Will You Please Be Quiet, Please?: The Stories of Raymond Carver

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McGraw-Hill, Jan 1, 1976 - United States - 249 pages
157 Reviews
A collection of short short stories about dirt farmers, salesmen, assembly-line workers, unemployed and bankrupt.

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Beautiful laconic prose. - Goodreads
Amazing prose from the master. - Goodreads
All of his shorts are wonderful, slice of life stories. - Goodreads
Pure poetry in prose. - Goodreads
You could almost feel Carver's progression as a writer. - Goodreads

Review: Will You Please Be Quiet, Please?

User Review  - Shelley Rose - Goodreads

What took me so long to discover Raymond Carver? Like a surgeon, he expertly slices his characters open and trains a practiced, unflinching (if somewhat jaundiced) eye on what ails them. Each short ... Read full review

Review: Will You Please Be Quiet, Please?

User Review  - Katherine - Goodreads

This is my first attempt to read anything by Raymond Carver other than his story "Cathedral," which I remember as amazing, though it's been a long time. I've only read about four of the stories so far ... Read full review


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About the author (1976)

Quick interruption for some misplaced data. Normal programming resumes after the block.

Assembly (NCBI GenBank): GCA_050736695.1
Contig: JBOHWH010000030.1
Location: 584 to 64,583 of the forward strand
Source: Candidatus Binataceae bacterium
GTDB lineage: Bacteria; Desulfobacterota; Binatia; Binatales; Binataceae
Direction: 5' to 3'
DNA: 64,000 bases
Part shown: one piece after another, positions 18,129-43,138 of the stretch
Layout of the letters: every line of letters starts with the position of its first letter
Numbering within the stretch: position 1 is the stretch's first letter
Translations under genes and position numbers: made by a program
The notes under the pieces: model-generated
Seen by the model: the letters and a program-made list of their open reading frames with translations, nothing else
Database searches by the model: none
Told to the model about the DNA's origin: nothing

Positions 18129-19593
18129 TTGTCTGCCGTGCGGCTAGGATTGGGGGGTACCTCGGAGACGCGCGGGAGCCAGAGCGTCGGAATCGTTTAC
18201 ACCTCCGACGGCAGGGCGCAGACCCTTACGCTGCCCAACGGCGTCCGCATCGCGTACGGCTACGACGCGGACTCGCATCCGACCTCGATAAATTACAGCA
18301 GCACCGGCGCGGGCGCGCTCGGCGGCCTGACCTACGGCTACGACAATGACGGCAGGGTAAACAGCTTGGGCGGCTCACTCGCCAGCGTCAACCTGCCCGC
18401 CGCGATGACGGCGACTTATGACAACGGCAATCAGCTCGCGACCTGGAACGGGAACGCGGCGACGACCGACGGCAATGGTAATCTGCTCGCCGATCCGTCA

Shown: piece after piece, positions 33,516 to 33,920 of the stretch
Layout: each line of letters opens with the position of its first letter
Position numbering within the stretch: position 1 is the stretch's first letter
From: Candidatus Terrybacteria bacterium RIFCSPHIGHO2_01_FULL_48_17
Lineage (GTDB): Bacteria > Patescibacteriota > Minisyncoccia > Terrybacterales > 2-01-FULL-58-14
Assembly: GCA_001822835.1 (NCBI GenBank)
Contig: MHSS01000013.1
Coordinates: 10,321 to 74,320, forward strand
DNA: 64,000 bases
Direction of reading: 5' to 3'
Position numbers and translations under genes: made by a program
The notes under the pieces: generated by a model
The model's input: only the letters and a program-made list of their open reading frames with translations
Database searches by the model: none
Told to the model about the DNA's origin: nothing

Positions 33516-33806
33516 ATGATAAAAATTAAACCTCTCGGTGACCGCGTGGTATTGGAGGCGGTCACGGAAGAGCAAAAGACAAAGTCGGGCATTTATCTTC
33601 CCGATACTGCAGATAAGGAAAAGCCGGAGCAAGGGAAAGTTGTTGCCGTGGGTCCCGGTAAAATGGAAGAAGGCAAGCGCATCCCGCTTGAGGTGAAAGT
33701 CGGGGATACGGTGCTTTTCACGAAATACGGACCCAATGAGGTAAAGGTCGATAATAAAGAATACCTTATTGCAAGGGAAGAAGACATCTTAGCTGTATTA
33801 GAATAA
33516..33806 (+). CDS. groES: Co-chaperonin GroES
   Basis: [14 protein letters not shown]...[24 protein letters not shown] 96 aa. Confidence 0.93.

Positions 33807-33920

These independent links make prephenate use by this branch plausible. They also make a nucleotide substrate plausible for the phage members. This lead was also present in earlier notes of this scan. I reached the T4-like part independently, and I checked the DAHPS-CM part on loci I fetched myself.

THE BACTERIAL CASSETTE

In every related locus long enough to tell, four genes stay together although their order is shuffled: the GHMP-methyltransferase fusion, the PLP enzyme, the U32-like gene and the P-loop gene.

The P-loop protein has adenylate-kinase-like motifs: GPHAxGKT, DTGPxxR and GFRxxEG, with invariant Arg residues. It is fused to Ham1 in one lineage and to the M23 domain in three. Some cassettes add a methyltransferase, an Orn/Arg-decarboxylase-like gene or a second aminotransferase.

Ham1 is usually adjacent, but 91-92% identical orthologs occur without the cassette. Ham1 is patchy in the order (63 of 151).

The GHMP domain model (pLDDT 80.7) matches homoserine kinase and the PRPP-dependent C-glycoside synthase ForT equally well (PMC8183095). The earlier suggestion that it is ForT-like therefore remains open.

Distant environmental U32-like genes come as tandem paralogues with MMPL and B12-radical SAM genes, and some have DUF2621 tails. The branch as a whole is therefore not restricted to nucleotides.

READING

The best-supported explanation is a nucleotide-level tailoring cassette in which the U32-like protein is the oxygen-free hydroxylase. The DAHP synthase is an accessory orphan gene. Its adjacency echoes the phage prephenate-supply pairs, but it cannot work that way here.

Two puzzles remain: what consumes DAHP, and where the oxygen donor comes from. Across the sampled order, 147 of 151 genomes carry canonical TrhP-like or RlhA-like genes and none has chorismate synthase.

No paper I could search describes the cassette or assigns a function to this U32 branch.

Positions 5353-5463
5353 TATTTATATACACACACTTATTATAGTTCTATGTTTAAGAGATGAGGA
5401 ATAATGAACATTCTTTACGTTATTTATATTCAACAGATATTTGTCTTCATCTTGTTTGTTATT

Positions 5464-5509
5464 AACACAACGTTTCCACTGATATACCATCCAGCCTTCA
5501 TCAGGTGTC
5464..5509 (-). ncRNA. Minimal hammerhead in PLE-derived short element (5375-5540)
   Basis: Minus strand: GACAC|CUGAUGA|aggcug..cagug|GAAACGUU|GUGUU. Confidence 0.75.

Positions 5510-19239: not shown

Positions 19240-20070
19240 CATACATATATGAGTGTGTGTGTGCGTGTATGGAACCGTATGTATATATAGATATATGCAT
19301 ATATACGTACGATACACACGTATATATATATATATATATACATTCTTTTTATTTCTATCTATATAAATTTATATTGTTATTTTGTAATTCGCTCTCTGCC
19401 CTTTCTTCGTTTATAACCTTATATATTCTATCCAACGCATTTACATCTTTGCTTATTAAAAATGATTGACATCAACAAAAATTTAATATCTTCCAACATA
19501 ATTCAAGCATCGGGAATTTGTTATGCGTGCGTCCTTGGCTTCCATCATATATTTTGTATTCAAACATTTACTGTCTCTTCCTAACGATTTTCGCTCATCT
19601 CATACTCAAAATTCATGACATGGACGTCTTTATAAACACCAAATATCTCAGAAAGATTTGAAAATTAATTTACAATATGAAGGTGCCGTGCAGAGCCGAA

Born in 1938 in an Oregon logging town, Raymond Carver grew up in Yakima, From California he went to Iowa to attend the Iowa Writers Workshop. Soon, however, he returned to California, where he worked at a number of unskilled jobs before obtaining a teaching position. Widely acclaimed as the most important short story writer of his generation, Carver writes about the kind of lower-middle-class people whom he knew growing up. His characters are waitresses, mechanics, postmen, high school teachers, factory workers, door-to-door salesmen who lead drab lives because of limited funds. Critics have said that may have the most distinctive vision of the working class. Nominated posthumously for both a National Book Critics Circle Award (1988) and a Pulitzer Prize (1989) for Where I'm Calling From: New and Selected Stories (1988), Carver is one of a handful of writers credited with reviving the short story form. Some have put Carver in the tradition of Ernest Hemingway and Stephen Crane. Carver's stories tend to be brief, with enigmatic endings, although never erupting. Violence is often just below the surface. An air of quiet desperation pervades his stories, as Carver explores the collapse of human relationships in bleak circumstances. In later works, Carver strikes a note of redemption, unheard at the beginning of his career. But for readers who are not attuned to Carver's voice of resignation, these moments may sound sentimental and unconvincing. Carver died of lung cancer in 1988.

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